WILDLIFE tourism and biodiversity will be damaged if a 45-turbine windfarm is built at Faw Side in the Ewes valley, it is claimed.
The Faw Side Community Group, which is campaigning against the project by Community Windpower Ltd of Cheshire, has used Dumfries and Galloway Council’s Local Biodiversity Action Plan (LBAP) to put across its points.
Five of the turbines will be 178m high and the remainder 200m high and the development will stretch from Ewes to Teviothead and across to Bentpath.
The group says the LBAP has several objectives, including wildlife tourism, under which the environmental, economic and social importance of biodiversity is highlighted.
The group points out that the area of the Southern Uplands just north of Langholm in the Ewes Valley has now become part of the South of Scotland Golden Eagle project.
The project has tracked the three released eagles and sightings of the birds have already been made in the valley. Once the eagles have matured enough, they could possibly pair up, mate and nest in the area.
Reports show there is very little chance of eagles becoming victims to bird strike from wind turbine blades because they will avoid areas where turbines are sited.
Another section focuses on acid grasslands and its importance to associated species, particularly birds.
The group believes the proposed windfarm would be detrimental to these species, including buzzards and hen harriers.
Inland rock outcrops are very important to birds and Ewes has the Arkleton Crags.
This location is perfectly suited to the birds mentioned. The Crags are on the east of the A7 but these birds of prey rely on such a large open habitat that turbines would intrude on their welfare.
It has been reported that a golden eagle can travel up to 200 miles in a day.
It says upland heaths are also important to birds and other species.
In a statement, it said: “Wildlife tourism has the opportunity to bring visitors and significant economic benefits at times of the year when other attractions have little to offer.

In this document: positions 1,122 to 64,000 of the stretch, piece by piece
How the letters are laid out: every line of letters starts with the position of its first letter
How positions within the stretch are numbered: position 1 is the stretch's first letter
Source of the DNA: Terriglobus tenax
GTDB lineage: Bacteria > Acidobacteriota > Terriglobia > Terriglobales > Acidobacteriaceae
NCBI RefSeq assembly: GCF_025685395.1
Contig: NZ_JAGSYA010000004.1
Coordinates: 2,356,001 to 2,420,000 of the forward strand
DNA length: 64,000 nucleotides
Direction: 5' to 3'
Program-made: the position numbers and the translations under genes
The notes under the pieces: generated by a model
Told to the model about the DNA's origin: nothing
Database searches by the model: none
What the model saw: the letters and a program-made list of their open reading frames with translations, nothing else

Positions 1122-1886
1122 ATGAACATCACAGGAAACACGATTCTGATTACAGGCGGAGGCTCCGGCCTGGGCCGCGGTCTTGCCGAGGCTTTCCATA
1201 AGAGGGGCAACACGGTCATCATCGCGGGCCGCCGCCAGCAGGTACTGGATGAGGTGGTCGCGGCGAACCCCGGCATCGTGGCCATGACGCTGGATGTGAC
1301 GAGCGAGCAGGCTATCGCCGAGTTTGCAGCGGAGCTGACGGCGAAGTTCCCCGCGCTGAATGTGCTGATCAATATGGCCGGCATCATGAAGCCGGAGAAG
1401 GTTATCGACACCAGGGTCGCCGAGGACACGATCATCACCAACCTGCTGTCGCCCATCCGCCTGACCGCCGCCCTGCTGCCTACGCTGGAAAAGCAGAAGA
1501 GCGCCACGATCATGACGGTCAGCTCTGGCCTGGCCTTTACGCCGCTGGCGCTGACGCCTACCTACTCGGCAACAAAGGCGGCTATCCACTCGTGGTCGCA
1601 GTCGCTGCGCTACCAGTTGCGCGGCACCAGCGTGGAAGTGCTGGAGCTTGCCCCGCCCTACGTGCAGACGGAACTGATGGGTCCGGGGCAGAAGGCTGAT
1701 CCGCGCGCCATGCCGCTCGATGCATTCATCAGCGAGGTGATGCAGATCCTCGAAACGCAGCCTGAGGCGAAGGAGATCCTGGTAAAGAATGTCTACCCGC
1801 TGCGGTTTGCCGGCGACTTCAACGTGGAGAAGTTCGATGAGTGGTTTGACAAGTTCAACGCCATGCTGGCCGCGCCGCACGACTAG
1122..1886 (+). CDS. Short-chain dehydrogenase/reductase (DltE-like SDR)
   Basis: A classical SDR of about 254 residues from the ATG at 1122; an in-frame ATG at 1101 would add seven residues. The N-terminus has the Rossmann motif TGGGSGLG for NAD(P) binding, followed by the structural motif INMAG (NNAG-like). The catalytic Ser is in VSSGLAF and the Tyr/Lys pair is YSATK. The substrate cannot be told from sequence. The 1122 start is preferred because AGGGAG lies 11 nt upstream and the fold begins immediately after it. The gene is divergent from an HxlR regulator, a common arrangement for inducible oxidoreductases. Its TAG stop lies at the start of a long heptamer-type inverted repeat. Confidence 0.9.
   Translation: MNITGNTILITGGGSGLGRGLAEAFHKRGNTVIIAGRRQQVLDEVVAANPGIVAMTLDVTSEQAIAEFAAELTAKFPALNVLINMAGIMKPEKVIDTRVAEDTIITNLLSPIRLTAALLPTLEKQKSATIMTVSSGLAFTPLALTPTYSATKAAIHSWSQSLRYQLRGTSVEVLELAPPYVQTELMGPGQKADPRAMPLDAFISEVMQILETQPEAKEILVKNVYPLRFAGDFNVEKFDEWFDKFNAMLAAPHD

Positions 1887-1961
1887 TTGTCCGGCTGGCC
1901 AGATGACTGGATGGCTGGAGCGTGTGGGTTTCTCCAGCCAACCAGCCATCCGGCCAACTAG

“Several species of high conservation importance occur at low densities but need extensive areas of the habitat to persist.
“Extensive sites form an important part of the territories of golden eagles, red kites, hen harriers, merlins and barn owls.
“Several birds of prey use rock ledges as nesting sites, especially golden eagles, peregrines, kestrels and, occasionally, buzzards and merlins.
“Upland heaths are prime habitats for birds like red grouse, black grouse, golden plovers, dunlins, snipe, hen harriers, merlins, wheatears, ring ouzels and twites.
“Most of these have declined substantially over the last 100 years and some, like dunlins and ring ouzels, are now very rare upland heathland breeding species.
“We conclude that the turbines would bring major disadvantages to the continued existence of some bird species in the Ewes Valley Southern Uplands.
“It would almost certainly prevent golden eagles from remaining in the area because they are known to avoid areas with turbines.
“It is difficult to understand why, when funds are being put towards these projects, including the hen harrier project, a proposed windfarm could be considered.
“Historically, golden eagles have nested and reared young in the area as reported by a Scottish Natural Heritage report, Golden Eagles in the South of Scotland.
“It says a windfarm along a ridge would lead to a greater habitat loss than the same windfarm positioned away from a ridge.
“The introduction of the SURF project in Langholm has, as one of its main objectives, furthering tourism.
“The area proposed to be used has been designated an RSA (Regional Scenic Area) and borders an SSSI (Site of Special Scientific Interest).
“Both these areas would be devastated by this industrialisation of an outstanding area of beauty.